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The day prior to my colonoscopy on Friday, September 2nd I mentioned to my bride, Kathy, that if the doctor recognise something then it will probably our junket to her mothers “wouldve been” put on hold. You watch I had a strong suspicion that something was incorrect. Of course, the first thing that comes to mind is the C-word( cancer ).
Let me prologue all of this by saying that I am far from a neurotic. In reality, I would be the anti-hypochondriac. I never go to the doctor even when I know things are wrong. I have never been the kind to run to the doctor at the first sight of anguish or a sniffle. In point, I had possibly been having a few indications for awhile and I never did anything about it. But this was different. I knew my organization and felt that things weren’t functioning as they should.
As my foreman was trying to shake the cobwebs of the anesthesia from the colonoscopy, medical doctors gave me the report that I had been horror. There was a growing in the lower part of my colon( or the upper part of my rectum) that inspected suspicious. They were routing it out to be biopsied and would hopefully have the results in 24 hours but he was fairly certain that we were looking at cancer. I was admitted to the hospital to have farther experiments operate and to influence what course of action that would be necessary.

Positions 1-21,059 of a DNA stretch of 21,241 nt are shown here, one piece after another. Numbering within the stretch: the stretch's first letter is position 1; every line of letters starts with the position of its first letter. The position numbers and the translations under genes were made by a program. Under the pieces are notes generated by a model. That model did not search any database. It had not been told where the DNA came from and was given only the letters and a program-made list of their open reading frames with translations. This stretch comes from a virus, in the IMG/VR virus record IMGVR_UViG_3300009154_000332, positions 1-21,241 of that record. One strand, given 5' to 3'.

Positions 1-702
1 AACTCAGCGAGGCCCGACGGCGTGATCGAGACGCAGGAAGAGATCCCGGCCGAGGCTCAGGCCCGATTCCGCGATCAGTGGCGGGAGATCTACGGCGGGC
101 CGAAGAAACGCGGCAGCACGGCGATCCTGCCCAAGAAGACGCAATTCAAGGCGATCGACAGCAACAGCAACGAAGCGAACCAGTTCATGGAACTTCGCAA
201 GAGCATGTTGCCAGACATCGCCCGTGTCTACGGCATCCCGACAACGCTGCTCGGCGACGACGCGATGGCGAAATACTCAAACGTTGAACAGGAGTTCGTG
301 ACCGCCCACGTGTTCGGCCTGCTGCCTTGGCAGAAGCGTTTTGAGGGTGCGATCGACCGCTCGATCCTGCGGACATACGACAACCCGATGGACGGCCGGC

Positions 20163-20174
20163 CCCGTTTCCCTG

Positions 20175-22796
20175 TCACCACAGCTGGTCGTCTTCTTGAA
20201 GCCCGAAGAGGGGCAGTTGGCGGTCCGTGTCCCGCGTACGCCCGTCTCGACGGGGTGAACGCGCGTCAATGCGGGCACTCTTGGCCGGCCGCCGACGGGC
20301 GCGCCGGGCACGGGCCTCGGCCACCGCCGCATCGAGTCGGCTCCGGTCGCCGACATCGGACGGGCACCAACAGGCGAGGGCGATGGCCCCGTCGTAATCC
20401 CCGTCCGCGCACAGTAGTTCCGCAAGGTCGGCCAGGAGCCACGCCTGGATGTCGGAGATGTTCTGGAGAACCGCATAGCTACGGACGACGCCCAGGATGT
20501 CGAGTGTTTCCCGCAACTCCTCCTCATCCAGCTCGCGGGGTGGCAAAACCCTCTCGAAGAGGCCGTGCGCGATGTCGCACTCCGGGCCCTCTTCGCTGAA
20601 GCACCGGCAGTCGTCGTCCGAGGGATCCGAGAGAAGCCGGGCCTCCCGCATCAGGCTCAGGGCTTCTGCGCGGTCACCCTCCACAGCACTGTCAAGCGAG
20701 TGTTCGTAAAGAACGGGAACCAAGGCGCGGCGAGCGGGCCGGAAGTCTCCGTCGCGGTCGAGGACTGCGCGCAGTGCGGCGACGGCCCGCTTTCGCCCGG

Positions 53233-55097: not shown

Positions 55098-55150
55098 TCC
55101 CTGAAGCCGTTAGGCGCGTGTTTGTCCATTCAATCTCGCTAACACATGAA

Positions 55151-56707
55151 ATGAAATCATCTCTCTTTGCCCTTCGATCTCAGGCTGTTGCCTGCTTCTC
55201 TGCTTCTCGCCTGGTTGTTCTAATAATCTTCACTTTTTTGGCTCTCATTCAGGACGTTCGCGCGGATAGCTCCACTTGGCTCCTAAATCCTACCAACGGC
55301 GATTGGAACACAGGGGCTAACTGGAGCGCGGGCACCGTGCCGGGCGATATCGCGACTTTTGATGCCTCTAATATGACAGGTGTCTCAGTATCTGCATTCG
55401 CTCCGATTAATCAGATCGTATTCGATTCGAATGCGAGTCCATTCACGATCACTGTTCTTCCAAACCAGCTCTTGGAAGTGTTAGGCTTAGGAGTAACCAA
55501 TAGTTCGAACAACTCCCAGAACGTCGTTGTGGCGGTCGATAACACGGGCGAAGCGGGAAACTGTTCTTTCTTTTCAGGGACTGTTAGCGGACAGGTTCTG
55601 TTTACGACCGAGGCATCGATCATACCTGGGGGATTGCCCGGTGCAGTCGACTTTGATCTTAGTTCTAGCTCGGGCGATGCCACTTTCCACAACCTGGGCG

Your world can come gate-crash to a halting in a moment. Life is fragile. Life is uncertain. No one is guaranteed a tomorrow and now there was a possibility that my tomorrows might be limited.
My wife’s cousin had been diagnosed with breast cancer time 4 months earlier. She is 43 and the mother of 3 progenies. My uncle was diagnosed in January of 2011. He vanished about 2 week before my diagnosis. He had a mere 8 months between diagnosis and fatality. These thoughts and others run through your principal when you get the bulletin. Cancer can be a frightening diagnosis.